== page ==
When things change the surest way to identify a cause is to identify all the conditions which obtained before the change and then look for new conditions which have emerged since the beginning of the change. By this method the rise in youth unemployment in the UK is simply explained: it is the result of the great increase in immigration to the UK. 
The rise in youth unemployment started in 2004, long before the current economic woes began in 2007. This coincided with the removal of restrictions on the movement of workers from the new EU states (the Czech Republic, Hungary, Latvia, Lithuania, Estonia, Poland, Slovakia, Slovenia, Malta and Cyprus). Hence, the rise cannot be blamed on the poor state of the economy.
None of the other explanations offered for the rise in youth unemployment are plausible. The British education system has not changed since 2004; the attitude of young people as a group towards work cannot suddenly have altered; contrary to popular myth, most jobs are low-skilled or unskilled so a skill shortage does not come into it for the vast majority of jobs taken by immigrants; where skills are needed it is wildly improbable that the skills available dropped off a cliff at just the time immigration rose massively.
If employers could no longer import cheap labour they would be forced to employ Britons (including young Britons), offshore their business, or cease to trade. As most British economic activity has of necessity to take place in Britain, either because the goods can only be made in Britain (for example, Scotch whisky) or the service has to be provided in Britain because it is of a nature which makes this necessary (for example, virtually all public services and retail, transport and energy businesses), offshoring is not an option for the vast majority of British employers.
As for ceasing to trade, it is unlikely that there would be a large amount of that occurring because the wages paid to adult immigrant workers would be at least sufficient to cover the wages of young British workers. As for the idea that young Britons cannot do most of the jobs that immigrants are doing, this can be easily seen to be a nonsense. In areas of Britain where there are not large numbers of immigrants, the jobs which are supposedly beneath Britons are done by Britons. Moreover, we know that before 2004 British youngsters were being employed in the jobs now being done by immigrants.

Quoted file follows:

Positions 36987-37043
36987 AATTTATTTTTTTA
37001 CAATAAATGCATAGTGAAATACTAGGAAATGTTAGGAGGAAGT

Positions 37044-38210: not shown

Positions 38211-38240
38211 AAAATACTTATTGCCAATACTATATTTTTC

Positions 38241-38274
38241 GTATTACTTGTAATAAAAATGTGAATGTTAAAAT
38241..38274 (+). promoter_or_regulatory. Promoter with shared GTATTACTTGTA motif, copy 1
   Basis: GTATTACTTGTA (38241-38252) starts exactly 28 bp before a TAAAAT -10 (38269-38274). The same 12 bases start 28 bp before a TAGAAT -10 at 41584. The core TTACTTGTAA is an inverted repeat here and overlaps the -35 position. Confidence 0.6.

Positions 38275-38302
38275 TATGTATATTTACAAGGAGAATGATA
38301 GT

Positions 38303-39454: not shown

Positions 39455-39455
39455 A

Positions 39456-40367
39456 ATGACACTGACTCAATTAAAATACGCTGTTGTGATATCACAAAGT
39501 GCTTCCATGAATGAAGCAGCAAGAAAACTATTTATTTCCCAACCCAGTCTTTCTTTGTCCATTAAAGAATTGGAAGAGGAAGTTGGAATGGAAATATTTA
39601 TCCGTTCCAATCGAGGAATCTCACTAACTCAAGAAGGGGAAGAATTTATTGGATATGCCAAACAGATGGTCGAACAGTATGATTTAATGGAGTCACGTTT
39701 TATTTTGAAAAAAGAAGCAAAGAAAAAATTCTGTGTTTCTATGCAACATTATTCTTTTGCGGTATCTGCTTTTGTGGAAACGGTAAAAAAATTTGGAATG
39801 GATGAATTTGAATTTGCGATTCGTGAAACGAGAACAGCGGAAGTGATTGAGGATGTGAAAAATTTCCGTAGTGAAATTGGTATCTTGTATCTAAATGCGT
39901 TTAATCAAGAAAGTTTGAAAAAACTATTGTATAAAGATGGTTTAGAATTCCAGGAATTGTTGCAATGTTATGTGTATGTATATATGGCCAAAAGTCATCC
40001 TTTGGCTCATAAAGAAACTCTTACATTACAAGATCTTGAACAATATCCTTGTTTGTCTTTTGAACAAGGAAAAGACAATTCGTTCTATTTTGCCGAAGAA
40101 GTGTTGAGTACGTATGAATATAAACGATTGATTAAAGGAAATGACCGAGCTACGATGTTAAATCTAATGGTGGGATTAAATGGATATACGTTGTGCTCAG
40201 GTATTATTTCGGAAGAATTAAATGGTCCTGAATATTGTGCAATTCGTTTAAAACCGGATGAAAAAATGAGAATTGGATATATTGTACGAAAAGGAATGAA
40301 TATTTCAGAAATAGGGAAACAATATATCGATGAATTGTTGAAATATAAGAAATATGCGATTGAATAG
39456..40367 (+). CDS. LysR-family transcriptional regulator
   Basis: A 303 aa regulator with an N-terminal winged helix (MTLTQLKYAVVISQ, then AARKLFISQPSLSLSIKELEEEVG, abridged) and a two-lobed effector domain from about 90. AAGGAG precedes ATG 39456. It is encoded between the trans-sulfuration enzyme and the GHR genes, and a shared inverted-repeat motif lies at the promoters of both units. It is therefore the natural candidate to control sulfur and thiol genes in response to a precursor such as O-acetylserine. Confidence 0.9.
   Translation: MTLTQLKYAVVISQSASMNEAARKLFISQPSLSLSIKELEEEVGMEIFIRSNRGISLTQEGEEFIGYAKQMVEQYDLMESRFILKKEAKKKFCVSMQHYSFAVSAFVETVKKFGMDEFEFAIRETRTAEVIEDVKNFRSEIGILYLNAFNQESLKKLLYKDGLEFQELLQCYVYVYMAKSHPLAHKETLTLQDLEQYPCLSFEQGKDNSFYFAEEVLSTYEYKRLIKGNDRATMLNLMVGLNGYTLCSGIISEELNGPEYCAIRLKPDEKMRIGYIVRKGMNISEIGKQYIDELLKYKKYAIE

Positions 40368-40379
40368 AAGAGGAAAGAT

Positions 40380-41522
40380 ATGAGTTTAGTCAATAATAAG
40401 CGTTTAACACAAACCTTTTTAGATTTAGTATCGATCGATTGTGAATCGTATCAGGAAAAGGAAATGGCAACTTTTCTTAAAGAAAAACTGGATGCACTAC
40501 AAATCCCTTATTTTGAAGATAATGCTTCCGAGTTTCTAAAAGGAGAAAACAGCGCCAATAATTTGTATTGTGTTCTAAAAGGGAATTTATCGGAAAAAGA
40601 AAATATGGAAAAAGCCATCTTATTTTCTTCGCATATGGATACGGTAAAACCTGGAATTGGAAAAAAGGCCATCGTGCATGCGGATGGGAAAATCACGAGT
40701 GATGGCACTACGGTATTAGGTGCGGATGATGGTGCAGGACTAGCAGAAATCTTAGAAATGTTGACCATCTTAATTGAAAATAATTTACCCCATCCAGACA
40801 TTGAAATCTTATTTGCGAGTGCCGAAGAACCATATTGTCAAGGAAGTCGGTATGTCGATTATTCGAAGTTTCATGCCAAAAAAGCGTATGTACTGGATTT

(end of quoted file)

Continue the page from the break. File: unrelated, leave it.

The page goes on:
For skilled jobs, there are huge numbers of unemployed British graduates who either cannot get jobs at all, or who are forced to do jobs for want of anything better which do not require a degree. 
The claims by British employers that they are employing foreign workers because they cannot find suitable people is hard to credit. Even if there were a problem with the attitude of young Britons, for which I see no evidence in general, it would not explain why older workers with a good work history are being overlooked. In particular, it is implausible that foreign workers are better equipped for jobs dealing with the public, because many foreigners employed in such jobs have inadequate English and a lack of knowledge of British culture.
It is important to understand that many jobs in Britain are effectively placed out of reach of Britons of any age. Foreign gangmasters are widely used and frequently only recruit people of their own nationality. British employers find foreign workers are cheaper to employ, easier to control and less difficult to lay off. A substantial proportion of the jobs, especially the low and unskilled, are going to illegal immigrants who are even more vulnerable to demands from employers. Foreign companies in Britain often bring in their own people. 
When foreign workers gain a foothold in an area of business they recommend people they know for jobs. Being foreign, the people they recommend will normally be other foreigners, especially those of their own nationality. It does not take long for a place of work to become largely or wholly foreign staffed with this type of recruitment . There are also agencies which only supply foreign workers. Public service organisations and large companies often use such agencies. 
Sometimes the employer has employment practices which effectively exclude Britons, for example, Pret a Manger use, as part of their selection process, a vote, by the staff of a shop where a potential trainee has had a trial, as to whether the trialist should be taken on. It does not take too much imagination to suspect that foreign workers will vote for other foreign workers, especially from their own country, if there is a choice between them and a Briton. 
The only way the young in Britain will be able to get jobs is by regaining control over Britain’s borders so that mass immigration can be stopped. To do that Britain would have to leave the EU or come to an arrangement with the EU which prevented free movement of labour from the European Economic Area (EEA) to Britain. It would also need a government willing to cancel all other forms of mass immigration from outside the EEA such as family reunification and reinstate the primary purpose rule governing those coming to Britain to marry.
The brutal truth is that if mass immigration is not ended the situation will continue as it is and quite probably get worse as the Euro crisis worsens. It is self-evident that if millions of experienced workers, willing to work for low wages, are imported into a country the size of Britain, they will displace the native workers generally and the young and inexperienced native person in particular.